In spring 2005, The United Network of Organ Sharing (UNOS) decided to change the way lungs were being distributed. The new policy gives a lung allocation score to each approved candidate over the age of 12. Your score reflects the severity of your illness and the predicted success of your surgery. It is calculated based on medical information gathered from lab values, test results, and disease diagnosis. A lung allocation score ranges between 0-100, and the higher the score, the higher your placement is on the waitlist for a new lung when it becomes available.
Recovery time varies from person to person but on average, lung transplant patients will stay in the hospital for 1-3 weeks after surgery. However, complications do arise, so you may need to stay in the hospital for a longer time. After discharge, you will have to make frequent visits to your hospital for the next three months. Following those three months, your doctor decides whether or not your visits should become less frequent. The average person takes 3-6 months to recover and return to a healthy and normal lifestyle.
Prior to surgery, you will be given general anesthesia so you fall into a deep sleep. Once you are asleep and attached to the necessary monitoring lines, an incision is made to either the left or the right side of your chest depending on which lung is being removed. If it’s a double-lung transplant, an incision is made across your entire chest, just below the breast. Your lung is removed and then replaced with the healthy donor lung. A surgeon connects blood vessels to and from the donor lung as well as the airways between the new lung and you. In a double-lung transplant, one lung is removed and replaced before the same is done with the next lung.
In a heart-lung transplant, you will be attached to a heart-lung bypass machine that does the work of your heart while in surgery. Both lungs are removed and replaced closely followed by the removal and replacement of the donor’s heart.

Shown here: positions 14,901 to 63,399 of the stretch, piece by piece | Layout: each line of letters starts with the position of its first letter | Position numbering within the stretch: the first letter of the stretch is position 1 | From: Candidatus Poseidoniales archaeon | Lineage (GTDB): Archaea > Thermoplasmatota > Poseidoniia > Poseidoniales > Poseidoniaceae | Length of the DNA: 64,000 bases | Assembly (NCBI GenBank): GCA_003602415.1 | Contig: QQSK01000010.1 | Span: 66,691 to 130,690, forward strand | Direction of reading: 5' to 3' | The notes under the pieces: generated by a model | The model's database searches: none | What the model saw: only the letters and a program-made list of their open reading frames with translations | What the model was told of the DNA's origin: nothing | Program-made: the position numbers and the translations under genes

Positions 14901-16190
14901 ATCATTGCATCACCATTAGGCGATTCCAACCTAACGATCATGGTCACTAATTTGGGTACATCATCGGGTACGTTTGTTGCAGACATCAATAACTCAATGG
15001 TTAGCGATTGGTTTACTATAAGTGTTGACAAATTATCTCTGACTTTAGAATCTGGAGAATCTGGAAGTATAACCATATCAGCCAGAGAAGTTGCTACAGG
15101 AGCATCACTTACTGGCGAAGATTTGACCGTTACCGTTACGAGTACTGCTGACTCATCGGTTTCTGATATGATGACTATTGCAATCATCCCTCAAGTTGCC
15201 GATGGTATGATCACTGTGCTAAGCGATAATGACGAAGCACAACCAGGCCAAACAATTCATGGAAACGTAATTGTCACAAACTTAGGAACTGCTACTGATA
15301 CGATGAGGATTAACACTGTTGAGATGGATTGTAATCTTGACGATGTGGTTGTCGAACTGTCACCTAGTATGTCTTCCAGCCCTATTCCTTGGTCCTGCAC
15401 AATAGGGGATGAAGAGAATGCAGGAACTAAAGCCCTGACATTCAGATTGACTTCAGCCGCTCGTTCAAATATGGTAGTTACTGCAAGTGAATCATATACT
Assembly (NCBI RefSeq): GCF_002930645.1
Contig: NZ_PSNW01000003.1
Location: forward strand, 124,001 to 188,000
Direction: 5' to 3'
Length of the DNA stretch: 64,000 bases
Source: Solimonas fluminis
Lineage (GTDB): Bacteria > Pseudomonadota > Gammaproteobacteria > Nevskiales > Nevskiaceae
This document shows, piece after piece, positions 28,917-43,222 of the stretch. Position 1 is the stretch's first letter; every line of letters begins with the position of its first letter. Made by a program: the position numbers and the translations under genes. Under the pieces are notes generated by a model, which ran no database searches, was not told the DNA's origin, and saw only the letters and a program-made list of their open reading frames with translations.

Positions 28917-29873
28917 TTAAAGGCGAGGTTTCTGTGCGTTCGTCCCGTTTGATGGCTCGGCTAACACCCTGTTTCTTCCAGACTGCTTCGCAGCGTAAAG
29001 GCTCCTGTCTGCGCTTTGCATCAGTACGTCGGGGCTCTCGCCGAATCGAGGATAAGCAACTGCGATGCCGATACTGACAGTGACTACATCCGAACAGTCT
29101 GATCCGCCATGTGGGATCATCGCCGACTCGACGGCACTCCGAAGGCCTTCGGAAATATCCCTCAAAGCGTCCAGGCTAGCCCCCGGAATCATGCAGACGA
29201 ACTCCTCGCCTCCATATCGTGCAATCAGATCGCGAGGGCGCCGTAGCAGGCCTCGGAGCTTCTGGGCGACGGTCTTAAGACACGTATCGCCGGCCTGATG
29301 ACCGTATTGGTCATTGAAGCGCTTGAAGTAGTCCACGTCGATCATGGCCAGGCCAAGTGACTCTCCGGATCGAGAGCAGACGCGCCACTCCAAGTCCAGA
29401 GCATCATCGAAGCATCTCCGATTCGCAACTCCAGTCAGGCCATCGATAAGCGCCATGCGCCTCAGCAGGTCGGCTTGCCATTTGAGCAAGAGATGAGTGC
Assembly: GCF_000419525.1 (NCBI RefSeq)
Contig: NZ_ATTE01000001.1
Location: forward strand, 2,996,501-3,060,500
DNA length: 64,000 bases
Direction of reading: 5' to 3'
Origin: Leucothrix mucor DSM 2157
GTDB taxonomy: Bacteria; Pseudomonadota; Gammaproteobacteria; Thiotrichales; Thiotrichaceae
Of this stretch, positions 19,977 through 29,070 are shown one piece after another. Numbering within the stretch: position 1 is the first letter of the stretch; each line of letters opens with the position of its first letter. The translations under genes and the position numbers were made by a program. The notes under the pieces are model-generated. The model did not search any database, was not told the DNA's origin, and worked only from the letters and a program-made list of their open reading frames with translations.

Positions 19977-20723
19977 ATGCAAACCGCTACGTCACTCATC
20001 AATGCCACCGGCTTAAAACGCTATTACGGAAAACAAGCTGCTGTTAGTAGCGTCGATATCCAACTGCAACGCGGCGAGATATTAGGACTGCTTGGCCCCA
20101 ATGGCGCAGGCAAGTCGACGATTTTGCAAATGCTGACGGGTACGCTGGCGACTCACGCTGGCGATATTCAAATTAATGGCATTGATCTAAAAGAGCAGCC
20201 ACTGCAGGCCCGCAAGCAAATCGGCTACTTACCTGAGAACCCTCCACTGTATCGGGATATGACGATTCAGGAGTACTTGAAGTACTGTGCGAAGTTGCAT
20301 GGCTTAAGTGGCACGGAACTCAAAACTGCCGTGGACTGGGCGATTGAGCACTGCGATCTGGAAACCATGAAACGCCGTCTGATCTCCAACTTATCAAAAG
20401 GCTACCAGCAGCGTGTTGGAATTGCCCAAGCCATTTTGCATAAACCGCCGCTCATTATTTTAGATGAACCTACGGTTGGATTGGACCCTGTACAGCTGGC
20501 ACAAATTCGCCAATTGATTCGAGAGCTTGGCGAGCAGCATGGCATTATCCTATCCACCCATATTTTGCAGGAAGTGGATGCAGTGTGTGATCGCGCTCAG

The purpose of your body’s immune system is to fight off any foreign bodies, such as bacteria or viruses that may bring you illness. Your new transplant lungs will be considered “foreign” by your body and as such your body’s immune system will produce anti-bodies in an attempt to destroy them. This process is known as rejection. To prevent rejection, your doctor will put you on medication that will help slow and control this process. These same drugs will likely weaken your immune system, leaving you more susceptible to infection. Rejection and infection are two of the major risks associated with transplantation. Other risks may result from long-term use of the post-surgery medications you will be taking. Problems that may arise are diabetes, kidney damage, and high cholesterol.
Once a potential donor has been found for you, a transplant coordinator will immediately notify you. This is why it’s important to keep your contact information up-to-date with the hospital. The coordinator will then tell you what to do once you get to the hospital and will ask that you not eat or drink anything before arriving. Once you are admitted to the hospital, you will undergo blood work and other tests before surgery. Unfortunately, a call does not always mean that a transplant will happen. The donor organ may be found unsuitable upon closer evaluation and you will be sent back home. Keep in mind there is always a possibility that this may happen.